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Hosted by: Alpha Literary Services
If I tell you right up front, right in the beginning that I lost him, it will be easier for you to bear. You will know it’s coming, and it will hurt. But you’ll be able to prepare.
Someone found him in a laundry basket at the Quick Wash, wrapped in a towel, a few hours old and close to death. They called him Baby Moses when they shared his story on the ten o’clock news – the little baby left in a basket at a dingy Laundromat, born to a crack addict and expected to have all sorts of problems. I imagined the crack baby, Moses, having a giant crack that ran down his body, like he’d been broken at birth. I knew that wasn’t what the term meant, but the image stuck in my mind. Maybe the fact that he was broken drew me to him from the start.
It all happened before I was born, and by the time I met Moses and my mom told me all about him, the story was old news and nobody wanted anything to do with him. People love babies, even sick babies. Even crack babies. But babies grow up to be kids, and kids grow up to be teenagers. Nobody wants a messed up teenager.
And Moses was messed up. Moses was a law unto himself. But he was also strange and exotic and beautiful. To be with him would change my life in ways I could never have imagined. Maybe I should have stayed away. Maybe I should have listened. My mother warned me. Even Moses warned me. But I didn’t stay away.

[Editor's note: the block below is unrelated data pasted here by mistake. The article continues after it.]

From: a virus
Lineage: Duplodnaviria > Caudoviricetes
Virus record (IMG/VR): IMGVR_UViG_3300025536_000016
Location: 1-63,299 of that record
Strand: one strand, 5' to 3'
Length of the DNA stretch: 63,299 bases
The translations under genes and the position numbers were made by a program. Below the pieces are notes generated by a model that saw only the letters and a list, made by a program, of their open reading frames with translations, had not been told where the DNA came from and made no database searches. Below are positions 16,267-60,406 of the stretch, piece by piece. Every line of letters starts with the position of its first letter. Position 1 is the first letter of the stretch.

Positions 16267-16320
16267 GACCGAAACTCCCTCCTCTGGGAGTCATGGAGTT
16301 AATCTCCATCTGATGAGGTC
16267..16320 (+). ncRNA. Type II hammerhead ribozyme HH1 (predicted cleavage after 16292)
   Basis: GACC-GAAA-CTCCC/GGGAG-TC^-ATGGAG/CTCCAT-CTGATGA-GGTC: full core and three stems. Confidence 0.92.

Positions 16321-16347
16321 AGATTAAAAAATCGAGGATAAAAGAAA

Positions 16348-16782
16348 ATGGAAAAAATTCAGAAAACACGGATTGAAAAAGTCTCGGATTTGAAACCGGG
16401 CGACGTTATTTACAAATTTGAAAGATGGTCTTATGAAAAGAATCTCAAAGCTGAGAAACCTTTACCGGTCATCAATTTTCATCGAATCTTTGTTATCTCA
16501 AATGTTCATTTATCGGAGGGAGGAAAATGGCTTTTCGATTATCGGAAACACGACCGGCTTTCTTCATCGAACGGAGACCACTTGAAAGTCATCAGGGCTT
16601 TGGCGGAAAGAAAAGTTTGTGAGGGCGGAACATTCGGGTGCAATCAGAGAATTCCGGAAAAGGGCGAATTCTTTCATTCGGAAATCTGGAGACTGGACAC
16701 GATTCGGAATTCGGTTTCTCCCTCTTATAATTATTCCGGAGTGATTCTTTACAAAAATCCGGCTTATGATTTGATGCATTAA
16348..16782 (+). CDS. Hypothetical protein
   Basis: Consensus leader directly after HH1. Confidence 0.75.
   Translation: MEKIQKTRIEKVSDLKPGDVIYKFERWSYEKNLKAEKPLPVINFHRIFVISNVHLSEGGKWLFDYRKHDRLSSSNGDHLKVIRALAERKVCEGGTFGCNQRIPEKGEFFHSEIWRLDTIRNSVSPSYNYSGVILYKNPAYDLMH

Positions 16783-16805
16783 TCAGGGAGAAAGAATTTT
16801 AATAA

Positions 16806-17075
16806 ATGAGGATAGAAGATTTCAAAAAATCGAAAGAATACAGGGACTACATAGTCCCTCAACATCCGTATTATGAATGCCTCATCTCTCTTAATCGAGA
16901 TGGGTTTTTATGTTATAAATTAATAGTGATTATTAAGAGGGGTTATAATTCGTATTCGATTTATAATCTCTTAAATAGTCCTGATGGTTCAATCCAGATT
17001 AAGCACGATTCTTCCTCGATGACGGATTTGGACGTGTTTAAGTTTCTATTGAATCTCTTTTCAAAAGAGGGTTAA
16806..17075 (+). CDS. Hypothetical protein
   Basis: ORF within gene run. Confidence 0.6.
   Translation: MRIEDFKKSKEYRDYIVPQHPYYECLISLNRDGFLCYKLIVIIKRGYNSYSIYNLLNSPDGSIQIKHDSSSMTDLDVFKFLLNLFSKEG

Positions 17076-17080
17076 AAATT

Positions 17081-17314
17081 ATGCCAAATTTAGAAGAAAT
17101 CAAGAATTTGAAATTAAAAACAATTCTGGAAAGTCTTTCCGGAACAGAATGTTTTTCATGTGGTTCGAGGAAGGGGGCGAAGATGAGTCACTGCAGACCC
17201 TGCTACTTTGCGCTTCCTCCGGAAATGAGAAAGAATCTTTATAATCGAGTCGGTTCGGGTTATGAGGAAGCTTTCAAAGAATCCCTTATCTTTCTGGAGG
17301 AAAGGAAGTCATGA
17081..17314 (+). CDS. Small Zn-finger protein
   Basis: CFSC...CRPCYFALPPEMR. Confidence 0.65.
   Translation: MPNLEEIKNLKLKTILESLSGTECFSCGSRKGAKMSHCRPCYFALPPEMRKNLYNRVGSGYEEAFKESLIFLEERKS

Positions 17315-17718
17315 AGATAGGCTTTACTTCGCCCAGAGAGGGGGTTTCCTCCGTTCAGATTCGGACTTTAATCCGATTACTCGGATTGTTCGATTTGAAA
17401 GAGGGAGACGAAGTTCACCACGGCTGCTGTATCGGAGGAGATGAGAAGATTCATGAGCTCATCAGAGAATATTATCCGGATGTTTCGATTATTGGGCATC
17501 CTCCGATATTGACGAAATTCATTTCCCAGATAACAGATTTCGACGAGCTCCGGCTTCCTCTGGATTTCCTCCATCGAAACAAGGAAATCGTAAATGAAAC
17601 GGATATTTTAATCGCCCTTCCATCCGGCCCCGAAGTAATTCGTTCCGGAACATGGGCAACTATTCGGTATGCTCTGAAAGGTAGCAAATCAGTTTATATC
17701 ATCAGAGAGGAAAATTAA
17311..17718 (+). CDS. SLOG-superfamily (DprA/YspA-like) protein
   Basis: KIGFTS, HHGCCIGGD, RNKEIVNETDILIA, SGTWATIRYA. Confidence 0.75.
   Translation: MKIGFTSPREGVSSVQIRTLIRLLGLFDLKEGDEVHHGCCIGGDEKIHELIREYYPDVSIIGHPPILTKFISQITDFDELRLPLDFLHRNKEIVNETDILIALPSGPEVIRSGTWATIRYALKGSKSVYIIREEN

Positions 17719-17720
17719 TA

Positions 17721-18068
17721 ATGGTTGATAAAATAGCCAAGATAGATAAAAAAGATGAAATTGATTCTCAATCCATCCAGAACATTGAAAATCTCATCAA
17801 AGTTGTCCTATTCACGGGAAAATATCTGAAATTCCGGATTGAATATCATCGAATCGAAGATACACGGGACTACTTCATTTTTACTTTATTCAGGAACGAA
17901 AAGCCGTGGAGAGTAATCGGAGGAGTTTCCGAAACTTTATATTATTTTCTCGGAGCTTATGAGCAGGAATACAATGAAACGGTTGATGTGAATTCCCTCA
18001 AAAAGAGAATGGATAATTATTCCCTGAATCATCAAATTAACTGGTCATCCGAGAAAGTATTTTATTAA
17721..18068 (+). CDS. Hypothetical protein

And so begins a story of pain and promise, of heartache and healing, of life and death. A story of before and after, of new beginnings and never-endings. But most of all…a love story.
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About Amy Harmon
Amy Harmon knew at an early age that writing was something she wanted to do, and she divided her time between writing songs and stories as she grew. Having grown up in the middle of wheat fields without a television, with only her books and her siblings to entertain her, she developed a strong sense of what made a good story.
Amy Harmon has been a motivational speaker, a grade school teacher, a junior high teacher, a home school mom, and a member of the Grammy Award winning Saints Unified Voices Choir, directed by Gladys Knight. She released a Christian Blues CD in 2007 called “What I Know” – also available on Amazon and wherever digital music is sold. She has written five novels, Running Barefoot, Slow Dance in Purgatory, Prom Night in Purgatory, the New York Times Bestseller, A Different Blue, Making Faces and most recently, Infinity + One. Her newest book, The Law of Moses released November 27, 2014.
☆☆☆☆☆ Krystle’s 5 Star Review ☆☆☆☆☆
It truly amazes me when I ponder how much time and effort must be put into Amy’s books and her attention to detail in order to make everything come together perfectly. Not only does she create stories that are all encompassing but she manages to teach me things that I find so interesting that I may never have learnt otherwise.
Anyways, please do yourself a favor and read this book no matter what you may have heard about it. I truly believe that this is a book that you have to read yourself to make your own decisions about it. I believe that everyone could get some insight into their own lives by diving into story of Moses and Georgia.